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Giannino Castiglioni

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Giannino Castiglioni

( Milano 1884 - Lierna 1971 )


    Giannino Castiglioni

    Born in Milan in 1884, Castiglioni distinguished himself for his chiseling skills in the production of medals, as well as for his bas-reliefs and monumental celebratory sculptures. “A fine artist, harmonious in concept, elegant in form” (Vibì 1922, p. 380), he was a pupil of Enrico Butti at the Brera Academy and in the meantime worked in the Johnson medal factory, where his father was chief technician.

    Among his first and most significant medals, he executed one that commemorated Cavour in 1910. As a sculptor, Castiglioni made his debut a few years earlier at the 1906 Milan Exhibition with a plaster statue of Plautus, a Comic Poet, and won the competition to become the designer of the exhibition’s prize medal, establishing himself as one of the most popular Italian medallists of the early 20th century.

    Although this production was oriented towards a more official language, he did not fail to include floral and symbolist suggestions that were particularly evident in the bronze plaques presented at the Venice Biennales of 1907, 1909 and 1910, such as Vespers and Marriage. His international success in the field of monumental sculpture dates back to 1922, when he won a competition for the sculptural decoration of the Parliament Building in Montevideo. “The allegorical and, let us be frank, rhetorical approach – in a good and useful sense of the word – came from the need for a harmonious fusion with the stylistic manner in which the architecture of the Palace is shaped: Roman and Greek classicism…” (Vibì 1922, p. 380).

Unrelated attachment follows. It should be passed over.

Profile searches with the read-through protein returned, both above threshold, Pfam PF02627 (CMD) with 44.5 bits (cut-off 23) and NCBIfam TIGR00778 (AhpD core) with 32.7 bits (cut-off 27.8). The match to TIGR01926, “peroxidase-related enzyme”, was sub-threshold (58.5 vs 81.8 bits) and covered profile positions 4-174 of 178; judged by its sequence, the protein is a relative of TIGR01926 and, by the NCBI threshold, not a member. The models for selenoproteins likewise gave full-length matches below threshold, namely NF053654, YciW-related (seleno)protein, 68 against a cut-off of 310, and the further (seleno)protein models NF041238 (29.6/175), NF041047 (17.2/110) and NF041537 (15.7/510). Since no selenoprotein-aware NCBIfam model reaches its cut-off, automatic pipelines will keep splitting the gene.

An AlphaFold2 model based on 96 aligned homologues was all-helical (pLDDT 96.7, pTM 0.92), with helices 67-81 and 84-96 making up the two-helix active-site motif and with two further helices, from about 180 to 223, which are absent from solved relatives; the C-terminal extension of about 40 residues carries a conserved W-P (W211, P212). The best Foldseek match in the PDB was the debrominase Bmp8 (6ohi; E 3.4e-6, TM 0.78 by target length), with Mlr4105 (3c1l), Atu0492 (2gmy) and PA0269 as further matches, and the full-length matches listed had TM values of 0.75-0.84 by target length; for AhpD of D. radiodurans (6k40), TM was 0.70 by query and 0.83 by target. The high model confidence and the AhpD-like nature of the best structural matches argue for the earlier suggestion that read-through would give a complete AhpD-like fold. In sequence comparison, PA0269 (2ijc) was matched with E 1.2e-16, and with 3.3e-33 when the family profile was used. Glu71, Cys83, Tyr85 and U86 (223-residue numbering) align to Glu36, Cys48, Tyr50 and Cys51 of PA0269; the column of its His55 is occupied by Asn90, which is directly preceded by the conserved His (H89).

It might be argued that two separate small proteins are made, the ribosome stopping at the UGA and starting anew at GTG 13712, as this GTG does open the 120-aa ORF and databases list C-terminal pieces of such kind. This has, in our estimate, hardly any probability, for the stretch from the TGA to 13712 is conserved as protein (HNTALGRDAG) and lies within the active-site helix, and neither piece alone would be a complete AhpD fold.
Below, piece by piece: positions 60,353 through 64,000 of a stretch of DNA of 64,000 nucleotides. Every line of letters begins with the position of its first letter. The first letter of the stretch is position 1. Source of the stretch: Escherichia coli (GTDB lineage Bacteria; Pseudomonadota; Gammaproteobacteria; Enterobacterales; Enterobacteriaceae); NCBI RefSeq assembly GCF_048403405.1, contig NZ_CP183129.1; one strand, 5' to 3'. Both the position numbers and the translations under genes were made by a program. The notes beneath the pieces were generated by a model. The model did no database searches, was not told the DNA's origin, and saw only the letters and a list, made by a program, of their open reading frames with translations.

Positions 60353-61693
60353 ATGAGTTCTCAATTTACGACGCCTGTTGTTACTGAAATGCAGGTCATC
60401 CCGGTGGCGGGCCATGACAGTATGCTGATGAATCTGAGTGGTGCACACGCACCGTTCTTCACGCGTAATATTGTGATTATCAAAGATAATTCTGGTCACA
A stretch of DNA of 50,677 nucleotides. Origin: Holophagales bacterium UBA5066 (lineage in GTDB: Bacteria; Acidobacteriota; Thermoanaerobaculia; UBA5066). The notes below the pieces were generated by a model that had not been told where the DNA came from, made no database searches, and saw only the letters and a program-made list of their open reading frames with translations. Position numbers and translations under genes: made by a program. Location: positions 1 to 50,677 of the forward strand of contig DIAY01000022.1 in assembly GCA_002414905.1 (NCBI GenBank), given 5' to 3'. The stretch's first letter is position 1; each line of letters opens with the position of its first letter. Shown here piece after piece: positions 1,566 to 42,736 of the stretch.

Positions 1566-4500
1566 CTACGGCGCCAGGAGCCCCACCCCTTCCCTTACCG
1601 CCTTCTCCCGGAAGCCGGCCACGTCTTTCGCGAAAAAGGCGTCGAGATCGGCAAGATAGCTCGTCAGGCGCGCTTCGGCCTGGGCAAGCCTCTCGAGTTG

The majestic decorative project, combining classicism and Art Nouveau influences, was widely appreciated by the critics and thanks to that Castiglioni was commissioned – in Latin America again – the base of the monumental bronze antenna offered by Italian residents to the city of Buenos Aires in 1926. In that same year, the sculptor won a competition for a completely different work: the statue dedicated to Saint Francis in Piazza Sant’Angelo in Milan. Castiglioni’s studio was a few steps away from the square, at 22 Via di Porta Nuova.

    Here he worked tirelessly on the project, which was immediately praised by Raffaello Giolli for its anti-monumental nature: “Instead of a monument, he made a fountain, simple and plain, like a large well curb, made of stone […]. On the parapet there is a small flock of birds, and on the other side Saint Francis is slightly bending towards the water, towards the birds. The monument then takes a life of its own, between the decorative touches and the naturalistic gesture”. (Giolli 1927, p. 380). The octagonal stone fountain depicts the episode of Saint Francis Preaching to the Birds and the bronze sculpture presented here is the model for the doves on the fountain.

    Despite the elegant patination, the work does not lose its naturalistic orientation that can be found in the different poses of the birds, and is combined with the refined characters of the inscription around the base: “God feeds you and gives you rivers and fountains to drink” (from Fioretti di San Francesco, written by Ugolino da Brunforte at the end of the 14th century). After this work – very much loved by the Milanese – Castiglioni continued to work on various sculptures for the Monumental Cemetery in Milan. In the 1930s, he made a war cemetery on Monte Grappa and at Redipuglia. He then moved to Lierna on Lake Como, where he executed Life of Saint Ambrose – one of his last works – on one of the doors of Milan Cathedral, inaugurated in 1950. His sons, the Castiglioni brothers, designed the Arco lamp for Flos, a design icon in 1962.

    Elena Lago



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